Madam Speaker, it is always a bit of a mystery to me that, in a party that eliminated a registry and the collection of data that pertain to firearms, and did everything it could to undermine even Statistics Canada's efforts to collect data on this issue, members now complain that there is no data. One of the reasons there is insufficient data is because of the actions of the previous government.
Let me be very clear on something. We are not introducing a new registry. That is another gun lobby talking point. In Canadian law, and during the entire period of the Conservative government, prohibited weapons in this country must be both licensed and registered. We are just following the law as it is exists. There is no new registry here, but these newly prohibited weapons are now, in law, prohibited weapons; therefore, everyone in possession of them will have to have a licence in order to possess that prohibited weapon and, because they are now prohibited weapons, they will also have to be registered, as all prohibited weapons always had to be.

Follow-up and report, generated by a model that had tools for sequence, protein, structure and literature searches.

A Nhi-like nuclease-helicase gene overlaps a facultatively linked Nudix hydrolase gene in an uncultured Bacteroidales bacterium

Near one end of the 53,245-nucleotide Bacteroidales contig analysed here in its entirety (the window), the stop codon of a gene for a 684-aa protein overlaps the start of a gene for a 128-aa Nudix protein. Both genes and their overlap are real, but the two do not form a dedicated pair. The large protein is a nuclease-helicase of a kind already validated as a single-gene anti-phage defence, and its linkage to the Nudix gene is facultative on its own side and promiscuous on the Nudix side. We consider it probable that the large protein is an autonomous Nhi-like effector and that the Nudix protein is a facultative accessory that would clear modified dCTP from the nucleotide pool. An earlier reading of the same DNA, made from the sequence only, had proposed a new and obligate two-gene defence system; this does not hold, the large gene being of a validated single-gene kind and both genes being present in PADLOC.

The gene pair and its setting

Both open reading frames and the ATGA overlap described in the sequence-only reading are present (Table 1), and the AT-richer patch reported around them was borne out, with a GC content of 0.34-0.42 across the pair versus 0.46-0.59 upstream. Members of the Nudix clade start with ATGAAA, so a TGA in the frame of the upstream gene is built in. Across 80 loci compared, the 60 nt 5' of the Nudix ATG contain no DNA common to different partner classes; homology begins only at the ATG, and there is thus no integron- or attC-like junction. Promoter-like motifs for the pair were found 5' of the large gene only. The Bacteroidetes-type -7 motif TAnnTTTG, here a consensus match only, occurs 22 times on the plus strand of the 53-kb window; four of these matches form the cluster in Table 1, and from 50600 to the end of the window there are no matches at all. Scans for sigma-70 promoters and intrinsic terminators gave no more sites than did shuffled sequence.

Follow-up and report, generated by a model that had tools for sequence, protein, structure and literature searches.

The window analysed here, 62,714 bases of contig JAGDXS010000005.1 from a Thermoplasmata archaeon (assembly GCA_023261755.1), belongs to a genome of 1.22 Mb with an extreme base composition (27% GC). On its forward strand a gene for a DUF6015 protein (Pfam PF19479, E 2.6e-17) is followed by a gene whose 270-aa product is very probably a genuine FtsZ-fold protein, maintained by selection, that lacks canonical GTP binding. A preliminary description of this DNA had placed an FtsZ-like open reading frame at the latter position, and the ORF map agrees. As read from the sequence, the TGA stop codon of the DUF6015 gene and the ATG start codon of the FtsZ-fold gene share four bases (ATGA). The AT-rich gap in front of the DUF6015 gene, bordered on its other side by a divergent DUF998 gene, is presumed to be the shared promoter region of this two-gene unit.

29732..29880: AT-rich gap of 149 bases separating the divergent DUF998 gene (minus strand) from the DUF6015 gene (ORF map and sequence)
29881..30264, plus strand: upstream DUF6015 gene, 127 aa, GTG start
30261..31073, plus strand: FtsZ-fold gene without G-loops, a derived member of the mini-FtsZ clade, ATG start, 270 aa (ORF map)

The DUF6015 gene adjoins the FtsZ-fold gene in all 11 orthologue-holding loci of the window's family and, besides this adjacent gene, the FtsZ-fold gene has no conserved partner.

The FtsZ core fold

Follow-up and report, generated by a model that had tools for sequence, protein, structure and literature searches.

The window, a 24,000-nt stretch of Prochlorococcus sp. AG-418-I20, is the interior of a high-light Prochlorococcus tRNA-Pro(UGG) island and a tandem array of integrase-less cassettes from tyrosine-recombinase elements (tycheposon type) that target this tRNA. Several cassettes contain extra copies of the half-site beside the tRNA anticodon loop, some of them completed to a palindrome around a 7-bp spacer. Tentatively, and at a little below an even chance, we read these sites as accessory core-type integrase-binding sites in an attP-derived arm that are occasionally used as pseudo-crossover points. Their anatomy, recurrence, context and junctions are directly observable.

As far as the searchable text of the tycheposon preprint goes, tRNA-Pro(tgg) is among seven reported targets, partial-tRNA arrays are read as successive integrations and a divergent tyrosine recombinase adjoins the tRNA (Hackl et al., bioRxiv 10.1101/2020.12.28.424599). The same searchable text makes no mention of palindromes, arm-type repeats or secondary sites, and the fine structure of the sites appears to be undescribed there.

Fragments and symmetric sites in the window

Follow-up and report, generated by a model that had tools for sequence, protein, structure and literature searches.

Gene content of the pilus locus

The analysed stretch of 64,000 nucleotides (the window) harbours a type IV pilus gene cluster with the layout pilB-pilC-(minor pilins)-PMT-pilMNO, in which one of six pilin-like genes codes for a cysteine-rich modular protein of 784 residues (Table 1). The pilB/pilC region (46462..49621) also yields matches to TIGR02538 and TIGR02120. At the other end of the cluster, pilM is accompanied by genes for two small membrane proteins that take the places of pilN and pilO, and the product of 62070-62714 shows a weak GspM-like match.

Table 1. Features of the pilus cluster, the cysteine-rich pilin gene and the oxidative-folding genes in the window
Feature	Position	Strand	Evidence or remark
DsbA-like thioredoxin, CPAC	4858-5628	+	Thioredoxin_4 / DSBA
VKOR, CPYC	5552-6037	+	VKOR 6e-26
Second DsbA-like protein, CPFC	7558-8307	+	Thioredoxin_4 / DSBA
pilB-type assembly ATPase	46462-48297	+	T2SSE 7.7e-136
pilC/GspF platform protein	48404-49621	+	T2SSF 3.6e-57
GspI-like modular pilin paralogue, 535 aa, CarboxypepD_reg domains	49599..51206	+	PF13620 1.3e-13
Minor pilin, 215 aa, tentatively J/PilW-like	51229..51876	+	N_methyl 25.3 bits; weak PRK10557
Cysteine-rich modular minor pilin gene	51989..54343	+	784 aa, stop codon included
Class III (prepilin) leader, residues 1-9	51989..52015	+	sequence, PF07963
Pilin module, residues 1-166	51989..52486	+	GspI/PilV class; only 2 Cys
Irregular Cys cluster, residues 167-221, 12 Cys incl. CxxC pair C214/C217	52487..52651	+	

Let me talk a bit about the use of guns. I cited a couple of examples, and I do not disagree with the member that a lot of the guns that are used, for example, in gun crime in Toronto are smuggled guns. Over 10 years, I traced the origin of every crime gun in Canada, so I have really good data on that. In my experience, about 70% were smuggled across the border and about 30% were either legally owned or were stolen or criminally diverted. We have good data in that city, but it is not consistently collected across the country. We are changing that by investing in appropriate data collection around this issue.